During this phase of Everton pressure Lukaku wasn’t able to get involved to any great extent
When Chelsea started to regain some territory advantage it was driven by Willian and Fabregas – both appeared towards the right side at this time (around the 30 minute mark)
In the run up to half time, Willian and Cesc dropped a little deeper and the attacking positions were taken up by Hazard, Costa and Ramires. During this first half Chelsea showed a great amount of attacking fluidity.
At the end of the half, Coleman was playing very advanced down the right side and Azpilicueta stayed back to mind the house
Everton were almost playing with three up top at the start of the second half, with Mirallas, Lukaku and Naismith all advanced, and central. Eto’o then came on to join this party later.
Ramires played deep during the opening 15 minutes of the second half. During this period he provided more defensive cover than did Matic.
Hazard was Chelsea’s attacking outlet in the second half
The final stages of the game seen Chelsea pretty much give up possession as they retreated into defence
FC Augsburg 2 vs 3 Borussia Dortmund BVB got back to winning ways after their GW 1 defeat at home to Bayer Leverkusen. In this PPT I have divided the game into the two halves; this should leave for easier analysis as each half will run on loop. As usual, click on the gifs to open them in a larger window. 1st Half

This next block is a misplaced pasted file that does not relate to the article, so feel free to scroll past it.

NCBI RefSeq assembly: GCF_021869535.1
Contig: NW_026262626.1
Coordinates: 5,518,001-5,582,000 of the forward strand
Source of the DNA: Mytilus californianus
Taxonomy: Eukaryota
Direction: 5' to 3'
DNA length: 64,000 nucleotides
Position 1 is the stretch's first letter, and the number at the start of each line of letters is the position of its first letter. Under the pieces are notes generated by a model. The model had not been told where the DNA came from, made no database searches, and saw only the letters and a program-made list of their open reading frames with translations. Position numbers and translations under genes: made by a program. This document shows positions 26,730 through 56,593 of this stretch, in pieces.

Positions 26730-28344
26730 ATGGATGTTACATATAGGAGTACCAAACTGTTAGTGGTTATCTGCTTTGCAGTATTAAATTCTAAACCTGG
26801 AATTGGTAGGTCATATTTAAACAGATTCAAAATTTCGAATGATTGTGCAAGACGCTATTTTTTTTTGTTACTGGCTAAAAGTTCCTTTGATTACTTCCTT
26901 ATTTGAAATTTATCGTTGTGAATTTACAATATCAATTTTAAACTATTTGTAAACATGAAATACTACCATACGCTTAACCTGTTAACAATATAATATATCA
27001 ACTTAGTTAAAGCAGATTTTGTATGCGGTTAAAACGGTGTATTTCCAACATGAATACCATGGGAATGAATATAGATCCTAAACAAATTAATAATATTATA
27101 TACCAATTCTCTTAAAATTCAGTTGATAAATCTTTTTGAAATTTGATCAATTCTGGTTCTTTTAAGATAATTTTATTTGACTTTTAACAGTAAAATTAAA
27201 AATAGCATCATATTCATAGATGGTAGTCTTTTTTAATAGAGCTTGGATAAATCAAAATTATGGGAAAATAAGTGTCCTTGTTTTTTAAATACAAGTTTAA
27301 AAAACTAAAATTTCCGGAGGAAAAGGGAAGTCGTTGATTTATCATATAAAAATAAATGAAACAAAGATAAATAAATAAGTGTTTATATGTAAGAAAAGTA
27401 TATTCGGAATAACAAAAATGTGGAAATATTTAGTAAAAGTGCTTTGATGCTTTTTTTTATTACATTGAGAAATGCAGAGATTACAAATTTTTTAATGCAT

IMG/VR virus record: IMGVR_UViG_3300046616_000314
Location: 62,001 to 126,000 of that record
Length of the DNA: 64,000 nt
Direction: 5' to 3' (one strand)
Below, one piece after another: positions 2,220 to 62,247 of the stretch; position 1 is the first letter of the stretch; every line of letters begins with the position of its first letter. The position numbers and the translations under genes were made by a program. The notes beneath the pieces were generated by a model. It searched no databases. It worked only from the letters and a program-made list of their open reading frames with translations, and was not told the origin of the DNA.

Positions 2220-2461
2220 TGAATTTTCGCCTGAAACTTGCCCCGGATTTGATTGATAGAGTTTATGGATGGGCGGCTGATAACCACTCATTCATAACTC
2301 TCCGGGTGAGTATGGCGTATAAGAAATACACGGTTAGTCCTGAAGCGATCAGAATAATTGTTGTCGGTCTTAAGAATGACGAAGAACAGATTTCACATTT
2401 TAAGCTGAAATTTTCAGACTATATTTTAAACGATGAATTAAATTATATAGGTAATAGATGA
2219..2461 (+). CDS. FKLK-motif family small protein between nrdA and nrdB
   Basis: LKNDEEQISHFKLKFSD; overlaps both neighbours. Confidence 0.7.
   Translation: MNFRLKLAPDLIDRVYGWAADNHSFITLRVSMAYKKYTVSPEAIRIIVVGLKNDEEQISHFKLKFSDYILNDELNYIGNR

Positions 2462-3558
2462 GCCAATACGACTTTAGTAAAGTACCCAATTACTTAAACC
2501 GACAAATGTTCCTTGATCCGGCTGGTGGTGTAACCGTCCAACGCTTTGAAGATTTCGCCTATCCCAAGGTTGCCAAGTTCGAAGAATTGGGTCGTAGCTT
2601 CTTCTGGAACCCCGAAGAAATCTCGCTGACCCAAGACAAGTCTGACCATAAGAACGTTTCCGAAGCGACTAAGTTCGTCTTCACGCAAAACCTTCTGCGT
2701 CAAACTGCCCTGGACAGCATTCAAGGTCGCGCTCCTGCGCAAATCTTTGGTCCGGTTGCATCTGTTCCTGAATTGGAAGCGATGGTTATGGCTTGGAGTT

During the opening quarter, BVB largely attacked down the right side through Piszczek and Mikhitaryan. In fact for large parts of the game, Dortmund used the right side to attack.
During the opening quarter Augsburg had very little possession in their attacking half. Their possession was centred around their two centre backs who had a lot of the ball
As a result of the fact that the ball spent so much time in Augsburg's half, the Dortmund defence kept a very high line
Kehl as a DM for Dortmund played very deep, almost like another centre back. This allowed Dortmund to play a lop side shape with Durm remaining defensive on the left side and Piszczek attacking down the right.
Augsburg got into the game a little more in the second half; with Baier involved in the opening 15 minutes of the second half
BVB's centre back, Subotic and Sokratis, were much deeper in the second half than Kehl (and Bender after his introduction) - this wasn't the case in the first half
Despite the claims of Louis Van Gaal, Angel Di Maria is not a winger. At least not since he moved to Real Madrid in 2010.
The image below shows a heatmap of the locations a genuine winger passes the ball from - this is the passing heatmap of Jesus Navas for Man City in the Premier League last season.
Note how the hotspots in the heatmap typically run parallel with the sideline, and the majority of the orange coloured area is beyond the edge of the 18 yard box.